Unexploded Bombs & Shells

In partnership with Norwegian People’s Aid (NPA), a global leading humanitarian disarmament and mine action organization, RENEW is leading a massive program to eliminate cluster bombs and other explosive ordnance (EO) remaining from the Vietnam war in Quang Tri and neighboring provinces in central Vietnam.   This area was the most heavily bombed and fought over during the war and remains the most contaminated area in the country, with cluster bombs, grenades, bombs and shells being found on a daily basis.  Many of these deadly relics are hidden just beneath the surface in school yards, gardens, rice paddies and near houses. Children and farmers are particularly at risk. Since 1975 over 8,500 local people, of which 31% were children, have been killed or injured in Quang Tri province alone, a toll which has been reduced to zero in recent years by the combined efforts of RENEW and other mine action operators. 

Using local Vietnamese staff and working with international partners, RENEW has found and safely destroyed over 105,000 cluster bombs and other deadly explosives since it began clearance work in 2008, and released over 2300 acres of land to the community for development. 

Thanks to Mine Action, the risk of deaths and injuries caused by explosive ordnance to local people has been minimized and I take pride in joining this important work.

Tran Hoang Yen

Battle Area Clearance Searcher, Quang Tri

RENEW deploys 19 technical survey, disposal, and clearance teams identifying and mapping confirmed hazardous areas which are then cleared and made safe. Working with other NGOs, RENEW is committed to making Quang Tri province safe from the impact of unexploded ordnance by the end of this decade, which will be an unprecedented achievement in such a difficult and dangerous environment. Because the objective is to make Quang Tri safe, RENEW and other mine action operators are clearing explosive ordinance (EO) to a level deep enough to enable farming and forestry to be carried on safely, rather than seeking to clear every explosive at any depth.  In-depth clearance will be carried out for any deeper construction as required. The goal is to reduce EO to a residual problem that can be safely managed, much as it is in Europe.  Funding for this effort is principally provided by the U.S. Department of State through RENEW’s longstanding partner NPA as well as other NGOs and governmental sponsors.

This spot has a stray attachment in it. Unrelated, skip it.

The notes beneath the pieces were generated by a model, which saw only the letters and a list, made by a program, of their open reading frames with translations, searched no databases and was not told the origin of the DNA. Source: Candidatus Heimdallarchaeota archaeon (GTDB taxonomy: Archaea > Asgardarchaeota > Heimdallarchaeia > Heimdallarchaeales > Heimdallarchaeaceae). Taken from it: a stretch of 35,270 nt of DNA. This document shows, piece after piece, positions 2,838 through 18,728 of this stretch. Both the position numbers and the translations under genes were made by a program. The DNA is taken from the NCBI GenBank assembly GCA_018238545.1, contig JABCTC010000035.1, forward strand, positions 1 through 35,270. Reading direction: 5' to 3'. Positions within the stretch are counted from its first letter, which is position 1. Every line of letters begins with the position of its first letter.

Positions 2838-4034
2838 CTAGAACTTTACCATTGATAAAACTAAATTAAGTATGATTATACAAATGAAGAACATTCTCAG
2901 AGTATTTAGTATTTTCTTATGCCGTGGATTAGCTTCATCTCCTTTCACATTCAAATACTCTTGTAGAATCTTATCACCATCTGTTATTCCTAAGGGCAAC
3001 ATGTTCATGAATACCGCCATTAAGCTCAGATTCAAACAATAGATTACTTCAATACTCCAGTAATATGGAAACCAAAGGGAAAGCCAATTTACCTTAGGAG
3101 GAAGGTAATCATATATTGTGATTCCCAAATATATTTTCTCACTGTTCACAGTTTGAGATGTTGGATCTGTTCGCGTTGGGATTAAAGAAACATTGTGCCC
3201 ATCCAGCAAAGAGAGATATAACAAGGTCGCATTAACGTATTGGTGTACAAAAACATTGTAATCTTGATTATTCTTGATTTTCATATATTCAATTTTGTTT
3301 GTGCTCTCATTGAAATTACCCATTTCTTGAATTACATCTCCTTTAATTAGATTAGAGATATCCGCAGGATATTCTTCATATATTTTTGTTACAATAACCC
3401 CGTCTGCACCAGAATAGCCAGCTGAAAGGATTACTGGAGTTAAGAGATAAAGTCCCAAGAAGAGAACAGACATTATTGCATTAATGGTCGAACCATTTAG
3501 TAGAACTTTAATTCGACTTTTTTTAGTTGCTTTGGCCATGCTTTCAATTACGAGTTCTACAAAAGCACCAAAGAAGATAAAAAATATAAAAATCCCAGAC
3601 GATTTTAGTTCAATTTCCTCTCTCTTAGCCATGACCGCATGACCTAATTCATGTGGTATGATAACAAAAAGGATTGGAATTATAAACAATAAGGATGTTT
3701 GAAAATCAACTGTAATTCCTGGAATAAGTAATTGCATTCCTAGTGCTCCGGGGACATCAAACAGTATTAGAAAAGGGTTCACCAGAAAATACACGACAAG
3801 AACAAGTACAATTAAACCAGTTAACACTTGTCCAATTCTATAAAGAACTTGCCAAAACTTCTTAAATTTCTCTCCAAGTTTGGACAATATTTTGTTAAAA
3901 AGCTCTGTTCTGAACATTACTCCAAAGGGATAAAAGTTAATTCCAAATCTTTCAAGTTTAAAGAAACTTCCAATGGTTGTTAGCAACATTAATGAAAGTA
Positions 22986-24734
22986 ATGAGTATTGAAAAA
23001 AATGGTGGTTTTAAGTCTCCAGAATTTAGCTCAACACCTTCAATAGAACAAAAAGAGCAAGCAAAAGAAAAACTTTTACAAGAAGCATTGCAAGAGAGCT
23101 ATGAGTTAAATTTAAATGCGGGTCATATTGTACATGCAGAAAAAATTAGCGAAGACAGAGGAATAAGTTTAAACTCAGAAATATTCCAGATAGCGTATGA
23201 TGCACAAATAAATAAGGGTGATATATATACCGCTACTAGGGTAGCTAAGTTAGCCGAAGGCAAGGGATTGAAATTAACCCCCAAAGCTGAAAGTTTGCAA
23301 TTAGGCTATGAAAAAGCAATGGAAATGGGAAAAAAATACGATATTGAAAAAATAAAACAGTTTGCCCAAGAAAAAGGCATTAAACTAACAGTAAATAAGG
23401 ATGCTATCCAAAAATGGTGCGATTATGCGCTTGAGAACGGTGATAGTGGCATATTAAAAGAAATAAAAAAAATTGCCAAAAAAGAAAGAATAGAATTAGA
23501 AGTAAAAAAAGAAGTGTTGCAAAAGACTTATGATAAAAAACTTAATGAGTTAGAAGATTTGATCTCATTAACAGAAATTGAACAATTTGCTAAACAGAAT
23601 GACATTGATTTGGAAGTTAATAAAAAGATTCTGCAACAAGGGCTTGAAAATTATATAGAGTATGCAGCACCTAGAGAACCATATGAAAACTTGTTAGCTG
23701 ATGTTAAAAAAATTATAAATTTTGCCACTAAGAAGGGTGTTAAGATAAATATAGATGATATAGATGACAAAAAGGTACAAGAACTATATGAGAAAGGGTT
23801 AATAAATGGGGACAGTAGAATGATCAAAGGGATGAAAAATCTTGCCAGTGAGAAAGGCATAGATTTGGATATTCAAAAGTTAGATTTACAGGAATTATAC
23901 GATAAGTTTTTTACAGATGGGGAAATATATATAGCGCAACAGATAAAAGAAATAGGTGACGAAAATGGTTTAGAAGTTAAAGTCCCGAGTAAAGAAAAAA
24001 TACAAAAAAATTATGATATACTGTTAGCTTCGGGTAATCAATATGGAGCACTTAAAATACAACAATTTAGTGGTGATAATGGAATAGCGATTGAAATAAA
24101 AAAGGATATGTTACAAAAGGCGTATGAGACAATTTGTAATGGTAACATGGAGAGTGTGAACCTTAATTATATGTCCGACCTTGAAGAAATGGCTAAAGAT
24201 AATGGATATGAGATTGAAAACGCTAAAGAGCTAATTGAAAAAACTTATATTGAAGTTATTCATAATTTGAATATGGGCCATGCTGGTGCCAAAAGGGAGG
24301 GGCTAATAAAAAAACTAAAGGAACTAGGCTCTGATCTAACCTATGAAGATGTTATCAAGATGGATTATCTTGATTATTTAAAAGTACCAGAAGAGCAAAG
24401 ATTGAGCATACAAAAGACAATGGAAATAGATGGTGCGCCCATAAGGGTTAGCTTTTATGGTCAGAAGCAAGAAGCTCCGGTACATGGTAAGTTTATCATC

RENEW’s survey, disposal and clearance teams are entirely made up of Vietnamese staff trained to International Mine Action Standards (IMAS Level 1, and team leaders at Level 2).  For many years, RENEW’s teams have operated independently under Vietnamese management without day-to-day technical assistance, although NPA experts monitor progress and are available to assist as required.  All operations are recorded on a state-of-the-art database developed by NPA and Vietnamese colleagues in Quang Tri, which enables real-time reporting and coordination of clearance efforts by all NGOs in the province.  Clearance operations are carried out to ensure the safety of all concerned, with the full cooperation of local authorities and villagers on site.  Explosive items are often found by people searching rural areas for scrap metal or by scrap metal dealers, so RENEW maintains several collection points where EO can be left for safe disposal. All EO found by RENEW or its partner organizations are either destroyed in place or, after being made safe, transported to a specialized facility for controlled explosion or neutralization. 

RENEW’s model of local staffing and training, combined with international funding and close support from local government can easily be replicated elsewhere in Vietnam, and this work has begun in neighboring provinces.